But, back to your question, in my opinion, it is not a stepmom’s responsibility to do things like, talking to the ex… like why would you do that? Let the dad deal with it. Don’t involve yourself in things like that and then complain about the drama. You’re doing that to yourself. And I’m sure in some families, like Will Smith’s for example, in some families it works that the stepmom and the ex talk and arrange things. But I’d wager a guess that for the biggest majority, that doesn’t work. And probably absolutely not in the beginning.
Taking care of the stepkids – like, have as much of a role in that as you want. But I’m a dad and I’m perfectly capable of taking care of my son. I don’t need someone else to do that for me. Sure, it’s nice to have help, but I’m a parent. Your partner is also a parent. Your spouse is capable of taking care of their kids. So let them.
I guess I’d say, if I needed help once in a while with a pickup or a dropoff, or sometimes helping with homework, that’s one thing.
But if you swoop in and try to do everything, then you’re setting a precedent that this is your role. And then, when you have an expectation about how people should treat you because you’re doing these things, and they don’t react the way you want — you’re setting yourself up to crash and burn. If you feel resentful, it’s time to take a look at how much you’ve taken on and why.
Brittany: When was the biggest positive shift that you saw along our stepfamily journey?
Seamus: Personally, I feel that if you didn’t start taking a good, hard look at yourself and dealing with all your old shit, our relationship would have ended. It would have had to. There was only so much I could have been supportive to before I had to say, listen, this is a YOU problem.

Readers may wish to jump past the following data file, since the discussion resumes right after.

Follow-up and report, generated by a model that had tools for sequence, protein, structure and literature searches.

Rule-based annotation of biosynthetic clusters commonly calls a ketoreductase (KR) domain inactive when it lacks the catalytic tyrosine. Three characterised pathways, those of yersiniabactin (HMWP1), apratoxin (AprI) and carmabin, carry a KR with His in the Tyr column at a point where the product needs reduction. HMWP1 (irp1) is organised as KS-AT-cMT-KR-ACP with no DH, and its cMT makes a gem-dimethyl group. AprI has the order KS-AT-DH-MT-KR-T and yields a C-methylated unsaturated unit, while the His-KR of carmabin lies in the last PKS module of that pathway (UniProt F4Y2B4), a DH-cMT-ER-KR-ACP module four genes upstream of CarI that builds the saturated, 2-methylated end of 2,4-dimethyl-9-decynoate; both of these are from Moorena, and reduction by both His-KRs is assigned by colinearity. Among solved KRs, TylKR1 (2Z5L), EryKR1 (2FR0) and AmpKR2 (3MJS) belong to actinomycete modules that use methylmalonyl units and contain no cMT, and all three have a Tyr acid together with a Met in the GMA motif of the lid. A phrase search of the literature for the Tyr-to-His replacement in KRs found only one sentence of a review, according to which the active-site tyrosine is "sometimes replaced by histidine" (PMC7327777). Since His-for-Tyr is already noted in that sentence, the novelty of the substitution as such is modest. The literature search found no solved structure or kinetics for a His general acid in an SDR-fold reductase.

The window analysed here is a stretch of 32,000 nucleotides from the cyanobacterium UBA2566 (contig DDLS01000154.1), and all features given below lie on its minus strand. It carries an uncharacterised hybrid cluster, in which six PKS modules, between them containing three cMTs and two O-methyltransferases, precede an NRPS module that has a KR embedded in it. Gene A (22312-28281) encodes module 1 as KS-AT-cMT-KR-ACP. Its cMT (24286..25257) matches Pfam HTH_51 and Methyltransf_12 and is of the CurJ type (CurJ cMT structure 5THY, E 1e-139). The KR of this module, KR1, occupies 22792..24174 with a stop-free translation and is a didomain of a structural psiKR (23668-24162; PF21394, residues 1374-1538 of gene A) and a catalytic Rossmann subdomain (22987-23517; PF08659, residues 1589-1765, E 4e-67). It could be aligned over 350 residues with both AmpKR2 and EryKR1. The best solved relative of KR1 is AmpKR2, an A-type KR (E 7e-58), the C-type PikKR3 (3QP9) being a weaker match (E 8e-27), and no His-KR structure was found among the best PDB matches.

All your unresolved traumas. Our stepfamily wasn’t the only issue. Sure, it triggered a lot of your old traumas. But it wasn’t my job or [my son’s] job or my ex’s job to make you feel safe and secure. That was your responsibility. And that’s why things got so dark with us for a while. You were searching for someone or something – anything really- to validate your existence and your importance.
If you didn’t start finding your way back to yourself and healing all your past shit, we’d have never made it.
The hugest part was your personal development. And when you started focusing on yourself, and as you say, “pulling the roots up,” then it finally gave me some breathing room to be able to focus on my own personal development.
And all of a sudden, one day, we were just both focusing on ourselves and loving ourselves and feeling whole in ourselves. Instead of feeding into each other’s negativity, we fed into each other’s growth.
Message in a Bottle
Brittany: What is one message you think that any Stepmom would benefit from hearing?
Seamus: Just one?
First and foremost – seek help to resolve any baggage that you’ve brought into the relationship that isn’t serving your current and future family. This is for stepmom and stepmom’s husband or partner. When you both roll up with your U-Haul of baggage and then throw the complexities of a stepfamily in there…
I’m sure there are a million different contributors to why stepmoms feel the ways they do about different things. But by arming themselves with the knowledge, going and getting help, even if… actually, especially if they think that their stepkids or their partner’s ex are the problem.
It’s human stubbornness to feel like, if we can’t fix something or figure something out by ourselves, then we’ve failed. But there is so much great support out there for people to grow and evolve and develop into the best versions of themselves. There are so many resources to help you reframe your thought patterns.
Ego and attachments are the two wildest beasts to tame. Educate yourself on what they are and where they exist in you, then tame them.
Read the book, The Four Agreements. And then read it again and again.
Stay out of the toxicity. It’s poison. Stop putting yourself in circumstances that are toxic because you’re trying to validate yourself. All that is, is ego.
Figure out your attachments. Figure out your stories.
And – I guess this one thing.